Mid-life adults in middle of generational tug-of-war

In days gone by, a large family was considered insurance against poverty in old age.

In days gone by, a large family was considered insurance against poverty in old age.

It was standard practice for siblings to club together to support aged parents, but in today's fast-paced world this is not a given, with some siblings refusing, or unable, to shoulder the burden. Fifty years ago, a child was considered independent at age 18 and had to fend for themselves financially.

Now, a child that age might just be starting university and still be totally dependent on his or her parents.

Adults in their 50s are known as "the sandwich generation" because they are stuck between elderly parents and adult children. It is an age when they should be free of responsibilities and able to enjoy life again as a couple.

Instead, they find themselves burdened with the task of taking care of aged parents and grown children. This responsibility can be a huge drain on a middle-aged couple's resources.

Even people who made provision for their retirement find that their pension is inadequate, having failed to keep up with inflation. Medical science has increased life expectancy, but at a price: spiralling health-care costs for the aged. These expenses fall on the shoulders of middle-aged children, who struggle to ensure that their own pension will be adequate when they retire.

Yet very few children can ignore their elderly parents in their hour of need, so they support them.

The responsibility of adult children involves paying for tertiary education and living expenses. While this expense may seem onerous at the time, it pays off in the long term. As the demand for more skilled and educated workers increases, children with a good education are empowered to earn nearly three times what their parents earn. Once these children secure good incomes, they and their parents together share the returns from the educational investment.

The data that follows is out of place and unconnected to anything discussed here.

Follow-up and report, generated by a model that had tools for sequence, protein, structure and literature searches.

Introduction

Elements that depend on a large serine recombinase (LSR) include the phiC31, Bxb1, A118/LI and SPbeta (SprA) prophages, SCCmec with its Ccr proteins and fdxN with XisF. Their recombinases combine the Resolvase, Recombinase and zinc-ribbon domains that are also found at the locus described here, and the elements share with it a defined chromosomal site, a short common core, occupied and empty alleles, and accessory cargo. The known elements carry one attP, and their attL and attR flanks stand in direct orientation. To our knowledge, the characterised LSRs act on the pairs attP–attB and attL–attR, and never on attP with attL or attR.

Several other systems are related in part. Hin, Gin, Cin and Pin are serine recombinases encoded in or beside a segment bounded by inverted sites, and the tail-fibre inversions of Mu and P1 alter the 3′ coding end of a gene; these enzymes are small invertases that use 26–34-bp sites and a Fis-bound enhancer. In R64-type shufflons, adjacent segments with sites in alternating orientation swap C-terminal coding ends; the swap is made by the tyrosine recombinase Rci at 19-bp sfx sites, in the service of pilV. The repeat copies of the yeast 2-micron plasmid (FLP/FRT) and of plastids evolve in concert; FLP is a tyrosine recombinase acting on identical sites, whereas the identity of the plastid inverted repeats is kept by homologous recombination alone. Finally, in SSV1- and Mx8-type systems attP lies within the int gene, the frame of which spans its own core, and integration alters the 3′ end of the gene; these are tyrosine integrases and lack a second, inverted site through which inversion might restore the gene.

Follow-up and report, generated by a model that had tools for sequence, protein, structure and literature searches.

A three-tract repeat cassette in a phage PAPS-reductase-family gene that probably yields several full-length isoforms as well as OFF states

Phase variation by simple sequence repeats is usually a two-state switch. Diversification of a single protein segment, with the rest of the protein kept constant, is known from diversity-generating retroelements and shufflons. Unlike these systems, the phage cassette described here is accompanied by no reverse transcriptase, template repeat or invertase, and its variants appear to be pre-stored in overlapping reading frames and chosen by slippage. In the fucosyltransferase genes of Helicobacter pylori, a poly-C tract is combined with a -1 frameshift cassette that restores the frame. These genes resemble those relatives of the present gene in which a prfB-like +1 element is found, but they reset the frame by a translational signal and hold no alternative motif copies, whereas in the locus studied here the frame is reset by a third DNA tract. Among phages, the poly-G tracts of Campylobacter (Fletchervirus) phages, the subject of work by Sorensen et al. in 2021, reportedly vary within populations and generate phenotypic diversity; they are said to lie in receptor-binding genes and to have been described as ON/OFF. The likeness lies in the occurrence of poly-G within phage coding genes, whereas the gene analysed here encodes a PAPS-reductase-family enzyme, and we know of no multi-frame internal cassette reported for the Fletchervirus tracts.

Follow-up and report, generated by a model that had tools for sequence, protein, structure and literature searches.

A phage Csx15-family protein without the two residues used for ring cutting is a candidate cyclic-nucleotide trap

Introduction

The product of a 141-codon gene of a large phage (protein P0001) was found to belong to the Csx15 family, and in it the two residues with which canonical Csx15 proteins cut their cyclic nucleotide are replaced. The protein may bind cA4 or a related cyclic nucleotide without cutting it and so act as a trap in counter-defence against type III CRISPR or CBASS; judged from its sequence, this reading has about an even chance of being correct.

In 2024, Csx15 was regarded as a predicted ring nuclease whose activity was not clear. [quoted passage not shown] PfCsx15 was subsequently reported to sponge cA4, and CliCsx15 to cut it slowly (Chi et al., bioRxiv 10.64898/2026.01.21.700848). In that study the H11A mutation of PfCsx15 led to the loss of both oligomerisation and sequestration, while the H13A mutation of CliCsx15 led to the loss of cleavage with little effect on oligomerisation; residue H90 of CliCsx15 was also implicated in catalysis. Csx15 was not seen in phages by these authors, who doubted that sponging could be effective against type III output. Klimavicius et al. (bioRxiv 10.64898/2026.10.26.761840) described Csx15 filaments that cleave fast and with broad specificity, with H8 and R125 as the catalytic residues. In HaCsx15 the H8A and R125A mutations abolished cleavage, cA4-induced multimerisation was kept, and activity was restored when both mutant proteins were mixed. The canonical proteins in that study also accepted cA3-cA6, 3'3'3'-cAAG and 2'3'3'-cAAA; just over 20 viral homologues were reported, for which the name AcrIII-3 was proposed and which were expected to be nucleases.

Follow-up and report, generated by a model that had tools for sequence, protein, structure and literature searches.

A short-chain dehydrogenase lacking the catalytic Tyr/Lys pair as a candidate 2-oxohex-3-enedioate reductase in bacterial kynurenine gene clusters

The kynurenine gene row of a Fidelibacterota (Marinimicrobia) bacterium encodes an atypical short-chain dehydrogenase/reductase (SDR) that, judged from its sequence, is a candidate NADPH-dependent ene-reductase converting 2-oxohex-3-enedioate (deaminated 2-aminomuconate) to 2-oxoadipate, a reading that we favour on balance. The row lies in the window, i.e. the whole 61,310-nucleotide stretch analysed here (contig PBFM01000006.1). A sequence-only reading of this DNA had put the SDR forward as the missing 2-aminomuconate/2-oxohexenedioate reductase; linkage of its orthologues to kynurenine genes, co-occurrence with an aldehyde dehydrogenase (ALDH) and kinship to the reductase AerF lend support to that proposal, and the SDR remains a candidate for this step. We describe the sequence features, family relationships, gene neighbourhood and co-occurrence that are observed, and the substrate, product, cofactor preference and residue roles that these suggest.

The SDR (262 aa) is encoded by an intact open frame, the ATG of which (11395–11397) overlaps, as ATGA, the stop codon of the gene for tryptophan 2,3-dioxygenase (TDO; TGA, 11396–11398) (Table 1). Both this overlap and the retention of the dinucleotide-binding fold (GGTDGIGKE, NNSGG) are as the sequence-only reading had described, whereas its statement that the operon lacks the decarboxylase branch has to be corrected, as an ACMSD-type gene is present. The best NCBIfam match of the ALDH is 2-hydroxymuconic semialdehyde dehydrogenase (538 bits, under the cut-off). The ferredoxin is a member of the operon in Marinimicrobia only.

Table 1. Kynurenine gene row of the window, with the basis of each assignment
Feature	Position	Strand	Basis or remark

Clearly, supporting a child's education pays off in the end, but it is also essential to know when to stop this support and help a child to stand on his or her own two feet. Cutting the financial cord has to be done. In some cases it is done gradually, by a slow weaning process. In other, more resistant cases - such as when adult children have been living with parents for years - only shock treatment will work. It might seem harsh but it's a case of financial "tough love."

Caring for aged parents is more complex and "tough love" is obviously inappropriate, so support them without jeopardising your own retirement. Ideally, all siblings must share the responsibility. It's not easy being in the middle of a generational tug-of-war, but knowing where to set the boundaries will go a long way to lessening the pull.

l The writer is a director of Pioneer Financial Planning. Visit www.pioneer.co.za or e-mail help@pioneer.co.za